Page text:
Right. Even before results started coming in yesterday, Erick Erickson was already laying the groundwork to argue that GOP leadership will need to prove to the Tea Party base that it deserved their support.

You're going to have plenty of establishment figures who view it the other way, but they're going to be minority voices.

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With the obstruct/delegitimate approach having been vindicated, is there any reason to expect, as some have, that Republican control over the entire Congress will lead to significantly more cooperation with the president and less gridlock?

No. There isn’t.

If you look at the piece that I wrote last week, about what happens with a Republican Senate, you can see that the story here is a Republican Party still facing almost an existential battle between — well, there are no moderates anymore, but between an establishment and more pragmatic wing that believes that if you want to compete for the White House, you've got to show a positive agenda and show that you can govern, do some things that work with Obama; and a more radical wing that is reflected by what Ted Cruz said to the Washington Post just a couple of days ago, that now's the time to flex our right-wing muscles.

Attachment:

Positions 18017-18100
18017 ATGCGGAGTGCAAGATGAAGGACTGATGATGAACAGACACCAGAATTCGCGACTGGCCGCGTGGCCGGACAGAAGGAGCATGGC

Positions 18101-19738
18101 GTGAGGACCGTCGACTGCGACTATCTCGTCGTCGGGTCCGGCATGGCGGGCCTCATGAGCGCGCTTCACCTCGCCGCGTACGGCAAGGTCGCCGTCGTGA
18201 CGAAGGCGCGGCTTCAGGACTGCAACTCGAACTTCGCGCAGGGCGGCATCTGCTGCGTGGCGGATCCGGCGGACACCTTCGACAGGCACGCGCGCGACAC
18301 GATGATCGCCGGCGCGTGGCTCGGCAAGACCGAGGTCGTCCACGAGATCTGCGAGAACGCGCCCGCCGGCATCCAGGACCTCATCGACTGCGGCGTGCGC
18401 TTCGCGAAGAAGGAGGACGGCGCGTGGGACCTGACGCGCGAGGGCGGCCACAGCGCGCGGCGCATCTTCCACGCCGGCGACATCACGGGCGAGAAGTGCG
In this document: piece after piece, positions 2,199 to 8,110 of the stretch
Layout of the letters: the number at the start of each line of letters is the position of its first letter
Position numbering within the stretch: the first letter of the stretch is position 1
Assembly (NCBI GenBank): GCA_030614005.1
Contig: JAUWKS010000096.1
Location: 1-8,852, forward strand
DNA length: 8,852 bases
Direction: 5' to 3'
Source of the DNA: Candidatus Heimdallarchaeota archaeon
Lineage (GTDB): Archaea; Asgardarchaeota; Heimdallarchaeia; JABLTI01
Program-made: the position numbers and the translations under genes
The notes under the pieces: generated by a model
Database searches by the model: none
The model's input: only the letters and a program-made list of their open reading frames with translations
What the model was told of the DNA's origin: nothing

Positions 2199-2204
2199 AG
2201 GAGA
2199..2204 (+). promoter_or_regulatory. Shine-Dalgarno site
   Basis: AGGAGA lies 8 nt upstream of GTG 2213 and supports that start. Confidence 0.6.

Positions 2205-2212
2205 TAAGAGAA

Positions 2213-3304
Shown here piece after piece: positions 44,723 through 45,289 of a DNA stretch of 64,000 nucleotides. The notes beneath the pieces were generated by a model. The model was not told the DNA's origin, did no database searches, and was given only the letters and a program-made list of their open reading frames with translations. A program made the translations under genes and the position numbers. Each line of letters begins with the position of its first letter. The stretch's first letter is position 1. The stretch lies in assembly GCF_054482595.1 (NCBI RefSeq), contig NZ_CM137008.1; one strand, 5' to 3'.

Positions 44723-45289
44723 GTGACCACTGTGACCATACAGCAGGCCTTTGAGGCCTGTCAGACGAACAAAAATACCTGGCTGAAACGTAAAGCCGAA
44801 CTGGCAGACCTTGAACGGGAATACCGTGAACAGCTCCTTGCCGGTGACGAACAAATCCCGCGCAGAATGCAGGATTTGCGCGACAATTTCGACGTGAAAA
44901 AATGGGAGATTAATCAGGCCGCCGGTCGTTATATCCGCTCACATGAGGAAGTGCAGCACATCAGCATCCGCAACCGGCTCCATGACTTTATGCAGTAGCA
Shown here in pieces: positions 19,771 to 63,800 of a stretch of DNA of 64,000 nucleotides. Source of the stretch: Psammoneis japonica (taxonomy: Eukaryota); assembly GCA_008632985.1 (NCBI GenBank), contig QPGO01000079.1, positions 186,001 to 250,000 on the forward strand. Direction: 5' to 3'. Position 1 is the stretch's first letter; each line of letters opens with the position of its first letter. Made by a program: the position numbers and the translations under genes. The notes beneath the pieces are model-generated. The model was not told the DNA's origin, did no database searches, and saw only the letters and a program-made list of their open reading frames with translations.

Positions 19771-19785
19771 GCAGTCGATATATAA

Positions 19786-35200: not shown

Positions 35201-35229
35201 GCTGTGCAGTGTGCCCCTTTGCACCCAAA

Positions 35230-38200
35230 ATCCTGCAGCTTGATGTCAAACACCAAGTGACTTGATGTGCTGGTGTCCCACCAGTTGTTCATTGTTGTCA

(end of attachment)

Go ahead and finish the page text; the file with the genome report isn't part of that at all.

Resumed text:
My first thought when I saw that interview and Cruz’s comments was, “Great. We get to do late 2013 all over again.”

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Yeah. I think you can find some areas where you'll actually see some policy made, but where you have to start is, What are the areas where Republicans, generally, and their allies on the outside agree and the issue is not of great concern for the insurgent radicals? 

So, trade's a good example. Most Republicans are for trade; you’ve got some isolationist libertarian protectionist types who aren't, but they're very much a minority. A signing ceremony on trade with Obama doesn't inflame [the base], and business likes it, and it's an area where Democrats are divided. So, sure, do trade. Same with sentencing reform: Satisfy your libertarian base (most of the rest of the GOP’s radicals don't really care about that all that much). You can do NSA reform for the same reasons — and you could look at NSA reform as a way to embarrass or criticize Obama and also divide Democrats.

But you get much beyond that, and you're going to have problems.

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And that would suggest to me that hopes (or fears) of returning to the grand bargain are pie-in-the-sky.